webshit weekly

An annotated digest of the top "Hacker" "News" posts for the second week of August, 2020.

Apple takes legal action against small company with pear logo
August 08, 2020 (comments)
A small business makes more noise than usual as the thresher consumes it. Hackernews relays a handful of examples of similar innovative and courageous takedowns, then discusses which laws should be changed to prevent money from being the deciding factor in all legislative questions. Hackernews' preferred answer is apparently "more money."

I want to have an AWS region where everything breaks with high frequency
August 09, 2020 (comments)
Wishes do come true. Hackernews complains that Amazon's cloud shit is too kind to failure, and dreams of a programmatic way to abuse computers. Other Hackernews sagely inform us that this will never happen, because people are morons and it is Amazon's job to protect them from themselves. Or something.

Microsoft President: We Need a Hippocratic Oath for Software Engineers
August 09, 2020 (comments)
Some webshit grifters post an ad for a rich person's book. Hackernews almost completely ignores this obvious spam in their absolute panic to explain to anyone who will listen that it is simply not possible for computer programmers to take any responsibility whatsoever for anything that they do because they are helpless children who have been completely stripped of agency by project managers or executives or whoever happened to be passing by. It is so important, in fact, to make clear the entirety of their impotence, that there are more comments than votes on the story.

Uber and Lyft ordered by California judge to classify drivers as employees
August 10, 2020 (comments)
Uber (business model: "Uber for cars") and Lyft (business model: "Uber for people with low-rated Uber profiles") finally receive word that laws indeed apply to their company policies after all. Hackernews tries to decide whether they should accuse all jitney wheelers of poverty or focus more on whatabouting Californian law. The rest of the comments are spent relitigating the court case, often verbatim.

Mozilla lays off 250 employees while it refocuses on commercial products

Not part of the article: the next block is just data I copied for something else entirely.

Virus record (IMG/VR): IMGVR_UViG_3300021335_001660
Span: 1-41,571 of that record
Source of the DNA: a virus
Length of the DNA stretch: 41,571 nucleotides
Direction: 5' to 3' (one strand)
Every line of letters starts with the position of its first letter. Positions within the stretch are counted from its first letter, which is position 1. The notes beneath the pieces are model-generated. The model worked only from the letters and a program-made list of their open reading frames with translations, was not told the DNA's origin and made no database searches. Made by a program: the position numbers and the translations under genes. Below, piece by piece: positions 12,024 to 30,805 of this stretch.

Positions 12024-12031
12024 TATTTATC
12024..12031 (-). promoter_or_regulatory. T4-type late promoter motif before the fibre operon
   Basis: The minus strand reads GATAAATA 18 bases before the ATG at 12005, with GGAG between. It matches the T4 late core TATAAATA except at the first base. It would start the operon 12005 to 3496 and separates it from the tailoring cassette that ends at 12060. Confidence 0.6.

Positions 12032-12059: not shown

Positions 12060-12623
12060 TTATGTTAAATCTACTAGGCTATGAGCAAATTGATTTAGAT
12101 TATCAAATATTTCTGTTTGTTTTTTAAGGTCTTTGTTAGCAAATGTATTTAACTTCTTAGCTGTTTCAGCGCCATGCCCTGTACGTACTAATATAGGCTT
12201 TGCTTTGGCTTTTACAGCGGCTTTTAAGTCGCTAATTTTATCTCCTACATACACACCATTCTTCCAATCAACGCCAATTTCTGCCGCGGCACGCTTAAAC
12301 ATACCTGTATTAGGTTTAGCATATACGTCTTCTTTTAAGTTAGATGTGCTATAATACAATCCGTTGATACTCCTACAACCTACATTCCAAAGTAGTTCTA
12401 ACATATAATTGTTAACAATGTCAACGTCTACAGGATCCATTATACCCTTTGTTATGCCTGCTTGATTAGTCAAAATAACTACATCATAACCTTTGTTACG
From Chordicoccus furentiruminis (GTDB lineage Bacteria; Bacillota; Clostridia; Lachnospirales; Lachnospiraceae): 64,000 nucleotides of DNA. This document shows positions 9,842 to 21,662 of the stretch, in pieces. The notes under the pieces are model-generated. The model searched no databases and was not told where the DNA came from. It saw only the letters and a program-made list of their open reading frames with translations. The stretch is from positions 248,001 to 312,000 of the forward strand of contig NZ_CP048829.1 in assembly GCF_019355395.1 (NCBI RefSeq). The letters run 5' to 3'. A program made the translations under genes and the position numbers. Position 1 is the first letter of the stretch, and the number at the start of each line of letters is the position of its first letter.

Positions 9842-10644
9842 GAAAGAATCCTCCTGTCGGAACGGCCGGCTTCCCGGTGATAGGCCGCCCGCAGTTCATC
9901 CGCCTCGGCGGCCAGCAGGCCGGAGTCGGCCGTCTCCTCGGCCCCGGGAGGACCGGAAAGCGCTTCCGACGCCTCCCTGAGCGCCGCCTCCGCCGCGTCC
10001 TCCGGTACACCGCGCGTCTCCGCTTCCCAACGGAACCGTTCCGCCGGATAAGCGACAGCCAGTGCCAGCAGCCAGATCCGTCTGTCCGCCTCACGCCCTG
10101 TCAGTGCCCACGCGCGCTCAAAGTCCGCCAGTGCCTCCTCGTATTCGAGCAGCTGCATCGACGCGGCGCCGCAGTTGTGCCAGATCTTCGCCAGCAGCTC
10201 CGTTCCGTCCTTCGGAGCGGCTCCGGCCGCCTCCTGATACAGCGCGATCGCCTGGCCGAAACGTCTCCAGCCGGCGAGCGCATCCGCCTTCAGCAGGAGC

August 11, 2020 (comments)
Mozilla continues the war against its own users, this time adopting scorched-earth tactics. Some of the surviving Mozillas show up to chastise us for daring to question the edicts of the people who (for now) still sign their paychecks. Most Hackernews are operating under the delusion that Mozilla exists to do anything but carry Google's water, so there are lots of arguments about which slightly-different approaches to bureaucracy will Save the Internet. Grimly and with little relish, the Rust Evangelism Strike Force marches into the fray to declare that their savior will live through the fall of the empire that spawned it, because every other programming language ever conceived is a crime in the eyes of the Lord. It was worth it all, we are told, for the code that was writ in the tongue of the Heavens is secure, and will dwell in eternity, yea though the hand that hath typed it is shitcanned.

Mozilla Lifeboat
August 12, 2020 (comments)
Some webshits band together after Mozilla throws them off the ship. Representatives from various better companies arrive in the comments to throw lifelines or condolences to the victims. Every single one of them is rewarded with a string of Hackernews bitching about their products. The rest of the comments repeat the previous days' ranting, except less focused and more confident.

Apple just kicked Fortnite off the App Store
August 13, 2020 (comments)
TenCent retaliates against Executive Order 13943. The "Hacker" "News" hall monitors want us to know that there are multiple pages of comments, even though they're all basically identical: armchair economics, geopolitical posturing, technolibertarian cheerleading, and the never-ending struggle to decide whether Apple's mobile App Store is unrepentant villainy or simple grandmotherly kindness. The answer, as usual, depends on whether you think you're smart enough to manage your own computers or whether no mortal human can be trusted with this power.

Factorio 1.0
August 14, 2020 (comments)
A video game, comprised of tedious busywork in the pursuit of constructing increasingly-complex Rube Goldberg machines that are nominally productive while pointlessly consuming every available resource as the player experiences accomplishment in the same sense an amputee experiences a phantom limb, deeply appeals to Hackernews' professional pride.